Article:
when she would pull you into those hugs you
hated as a teen, when you and your cousin Chelsea
walked the tired streets of town—
three blocks, then Pivot to retrace
the entirety of main street—hoping
for some excitement.

now it is Solitude you crave.
as Douglas said—space is Big—
surely there is enough of it that you
can carve out your own piece of it
here, among the ancient footprints
of Moa, tangled in a Briar,
imagining Haast eagles soaring overhead.

Diana would have been your goddess,
in this wilderness of rain where The Trickle
of water is more like a roar and
liquid is a Cutter of stone.

you would stay here for decades
like Robinson crusoe, study the
ants at your feet as though you
were e. o. Wilson.

instead you Cross the river
and stand dripping and shiny
as a nugget of gold on the other side.

Pandemic Poetry–2021 Edition, #21

masks
Masks ready to go for level 2 outings.

New Zealand outside of Auckland got the news we were hoping for yesterday. As of Wednesday, we will move to Covid alert level 2, which means we can all return to work and school. This level 2 is more restrictive than previous level 2s, because the Delta variant is so much more transmissible, but we’re all looking forward to the increase in freedoms.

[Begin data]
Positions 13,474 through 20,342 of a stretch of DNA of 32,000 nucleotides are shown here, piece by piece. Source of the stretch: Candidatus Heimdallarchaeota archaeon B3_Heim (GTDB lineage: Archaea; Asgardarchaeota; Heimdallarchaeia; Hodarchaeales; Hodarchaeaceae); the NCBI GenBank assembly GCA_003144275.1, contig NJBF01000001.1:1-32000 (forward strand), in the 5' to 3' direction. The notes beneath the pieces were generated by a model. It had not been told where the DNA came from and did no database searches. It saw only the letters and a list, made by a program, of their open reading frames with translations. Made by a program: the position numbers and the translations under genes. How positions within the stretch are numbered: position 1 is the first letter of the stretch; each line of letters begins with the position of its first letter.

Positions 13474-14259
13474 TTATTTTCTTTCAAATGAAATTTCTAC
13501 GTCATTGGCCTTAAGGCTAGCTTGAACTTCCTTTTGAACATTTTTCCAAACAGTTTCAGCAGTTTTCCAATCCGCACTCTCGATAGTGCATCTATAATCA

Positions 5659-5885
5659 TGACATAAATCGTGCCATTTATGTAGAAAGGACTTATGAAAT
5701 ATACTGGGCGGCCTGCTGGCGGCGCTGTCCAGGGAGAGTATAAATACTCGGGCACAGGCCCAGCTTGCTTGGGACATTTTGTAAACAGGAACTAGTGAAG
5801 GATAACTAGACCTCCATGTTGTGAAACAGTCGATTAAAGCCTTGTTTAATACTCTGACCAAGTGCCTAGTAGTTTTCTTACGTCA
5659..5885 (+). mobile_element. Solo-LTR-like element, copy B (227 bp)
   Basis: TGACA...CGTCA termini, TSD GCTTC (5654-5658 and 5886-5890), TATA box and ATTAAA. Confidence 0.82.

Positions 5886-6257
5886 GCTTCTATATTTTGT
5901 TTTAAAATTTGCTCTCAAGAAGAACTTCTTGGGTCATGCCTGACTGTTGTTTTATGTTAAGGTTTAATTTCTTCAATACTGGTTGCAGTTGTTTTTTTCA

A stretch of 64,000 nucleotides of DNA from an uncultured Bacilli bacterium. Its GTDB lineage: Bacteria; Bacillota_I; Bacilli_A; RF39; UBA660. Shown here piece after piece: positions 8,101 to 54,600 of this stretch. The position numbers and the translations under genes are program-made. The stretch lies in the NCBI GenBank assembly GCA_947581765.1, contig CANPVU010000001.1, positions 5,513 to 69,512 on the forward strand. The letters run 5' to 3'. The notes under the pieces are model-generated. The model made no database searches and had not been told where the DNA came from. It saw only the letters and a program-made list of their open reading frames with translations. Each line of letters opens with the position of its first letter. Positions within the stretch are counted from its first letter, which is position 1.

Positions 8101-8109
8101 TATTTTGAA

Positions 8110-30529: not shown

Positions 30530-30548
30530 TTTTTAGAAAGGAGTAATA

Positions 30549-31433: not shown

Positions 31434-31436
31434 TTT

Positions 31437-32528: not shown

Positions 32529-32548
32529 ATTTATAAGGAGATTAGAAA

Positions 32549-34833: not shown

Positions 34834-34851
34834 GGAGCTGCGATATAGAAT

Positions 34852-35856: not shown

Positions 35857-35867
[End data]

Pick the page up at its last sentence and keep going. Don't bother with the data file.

A shout out to Auckland, which remains in level 4. You are all superstars! Hang in there, and thank you for your mahi. It can’t be easy, and my heart goes out to you all. Kia kaha!

Once again
We reach the end
Of lockdown’s
Boring grind.

We’re headed back
To work and school
For which we all
Have pined.

So vaccinate and
Wash your hands
And over all
Be kind.

Don’t forget
To don your mask
And wear a
Smile behind.

Pandemic Poetry–2021 Edition, #20

daffodils in a vase

A few days of warm wind, and it seems like the plants have all woken up. The pines across the road certainly have—everything is covered in gritty yellow pollen. 

Springtime’s chorus
The magpies’ warble
A chittering of sparrows
The buzz of bees
Among the pansies
The distant drone
Of a lawnmower
The quiet chirp
Of frogs after dark.

Pandemic Poetry–2021 Edition, #19

notebooks and folders
My notebooks and folders for planning a return to in-person schooling.

I’m lucky to have only one, relatively self-sufficient teen at home for lockdown, but I feel for parents of young children. Good weekend weather will have been a help, but homeschool fatigue will make the coming week difficult.

Desperation grows
As the
Days
Tick
By.

Worksheets that
The school sent out
Make
The kids
Sigh.

We long for
Normal routines:
Work,
School,